The flexibility of this automation system allows Synthomer engineers to easily accommodate process changes and even institute improvements between batches if necessary. Everything begins with reliable digital data received from fieldbus devices. The reactor instrumentation includes magnetic flow transmitters, vortex flow transmitters, pressure and temperature transmitters, mass flow meters, fieldbus-to-current converters, radar level transmitters, multivariable temperature transmitters and digital valve controllers. These smart devices, made by a variety of vendors, transmit highly accurate readings that enable faster response by automated controls.
The fieldbus instruments also generate useful diagnostic data on their own condition and that of the process, aiding in the troubleshooting of suspected problems in two ways:
1. Operators quickly recognize if a given device is OK — no one has to go to check it out;
2. Any problem that exists is immediately pinpointed — so the maintenance technician can be told exactly what to look for and what tools and supplies to take.
The field-generated information allows us to optimize the control system over time to improve jacket heat-up time. We now can reach the temperature set point faster so the batch gets started sooner. This has reduced dead time for recharging a reactor, even when switching products to satisfy an order.
Quality remains consistently high due to excellent batch-to-batch reproducibility with the DeltaV system. Reliable data from the fieldbus instrumentation have resulted in better flow control, affording more accurate batch charge quantities. Improved reactor temperature control further contributes to consistency. In addition, we can make changes in-house to phase logic and equipment modules for greater reliability and reproducibility across reactors.
No one wants to abort an expensive batch but if control is lost due to excessive deviation from the ideal temperature profile such action may be inevitable. Improved temperature control — a direct result of digital temperature measurement and transmission — reduces this problem. Better flow control stemming from improved instrumentation leads to more accurate additions to the reactor and quicker reactions, further decreasing the probability of an aborted batch because of inaccurate addition of ingredients.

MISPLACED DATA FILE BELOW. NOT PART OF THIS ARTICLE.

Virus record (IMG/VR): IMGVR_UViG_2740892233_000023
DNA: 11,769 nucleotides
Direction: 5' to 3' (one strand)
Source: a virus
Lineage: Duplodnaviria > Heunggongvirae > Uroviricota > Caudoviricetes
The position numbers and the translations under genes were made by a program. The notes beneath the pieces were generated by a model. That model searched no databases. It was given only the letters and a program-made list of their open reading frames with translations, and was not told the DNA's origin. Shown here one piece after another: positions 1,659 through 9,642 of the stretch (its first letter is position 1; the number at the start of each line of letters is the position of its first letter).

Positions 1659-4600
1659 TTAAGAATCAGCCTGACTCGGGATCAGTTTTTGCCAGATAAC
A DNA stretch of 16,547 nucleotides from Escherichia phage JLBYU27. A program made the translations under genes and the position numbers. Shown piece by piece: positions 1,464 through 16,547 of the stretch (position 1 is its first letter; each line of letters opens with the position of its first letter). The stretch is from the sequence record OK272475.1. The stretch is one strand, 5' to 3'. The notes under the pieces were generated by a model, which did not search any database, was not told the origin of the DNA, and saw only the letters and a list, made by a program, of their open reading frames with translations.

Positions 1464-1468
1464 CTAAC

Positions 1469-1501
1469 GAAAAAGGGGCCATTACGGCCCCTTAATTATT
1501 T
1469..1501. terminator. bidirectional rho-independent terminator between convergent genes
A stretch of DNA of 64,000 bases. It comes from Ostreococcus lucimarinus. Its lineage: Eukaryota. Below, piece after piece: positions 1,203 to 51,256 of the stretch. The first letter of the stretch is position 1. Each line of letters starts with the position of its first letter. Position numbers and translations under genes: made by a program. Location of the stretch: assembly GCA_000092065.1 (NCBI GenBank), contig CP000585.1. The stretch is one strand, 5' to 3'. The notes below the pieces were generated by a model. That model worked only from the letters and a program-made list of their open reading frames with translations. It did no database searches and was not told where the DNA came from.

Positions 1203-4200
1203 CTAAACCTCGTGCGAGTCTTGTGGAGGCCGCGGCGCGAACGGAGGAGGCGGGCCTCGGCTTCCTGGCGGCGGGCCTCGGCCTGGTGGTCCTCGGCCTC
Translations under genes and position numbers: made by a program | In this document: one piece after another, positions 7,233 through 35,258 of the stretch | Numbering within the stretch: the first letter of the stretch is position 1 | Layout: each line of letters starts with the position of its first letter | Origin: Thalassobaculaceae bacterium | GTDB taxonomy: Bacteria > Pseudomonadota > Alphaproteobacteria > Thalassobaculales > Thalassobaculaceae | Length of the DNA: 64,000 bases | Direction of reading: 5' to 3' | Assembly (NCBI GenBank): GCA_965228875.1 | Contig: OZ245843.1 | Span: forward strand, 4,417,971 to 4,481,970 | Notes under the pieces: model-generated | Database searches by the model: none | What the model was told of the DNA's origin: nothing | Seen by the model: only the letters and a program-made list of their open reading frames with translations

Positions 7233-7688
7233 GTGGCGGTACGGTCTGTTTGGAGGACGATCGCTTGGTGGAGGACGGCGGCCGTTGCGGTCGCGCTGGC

Data from the fieldbus devices also are used in report generation, instilling confidence in managers making operational decisions.
Another beneficial technology employed from the beginning is Emerson’s AMS Suite: Intelligent Device Manager, which seamlessly integrates with the DeltaV system. This predictive maintenance software works in concert with PlantWeb architecture and fieldbus communications protocol, capturing diagnostic data generated by fieldbus devices, maintaining a device database and raising alerts to potential problems.
AMS Device Manager is always on, capturing diagnostics and keeping operators and technicians continuously informed of potentially serious conditions.
We’ve received status alerts such as “reverse flow detected,” “low cut-off active,” valve “travel out of range,” and “device needs maintenance soon.” These alerts occur frequently on the reactors, our most critical process units. Each is fieldbus-intensive, with a number of flow meters (Figure 1) and control valves. Status alerts help keep us ahead of unforeseen issues, reducing the potential for “work-offs.”
The alerts instantly bring emerging concerns to the attention of plant personnel, enabling them to obtain detailed information from devices or valves. With knowledge of what’s happening on a real-time basis, staff normally can prevent unexpected upsets and implement predictive maintenance to extend the life of the field devices.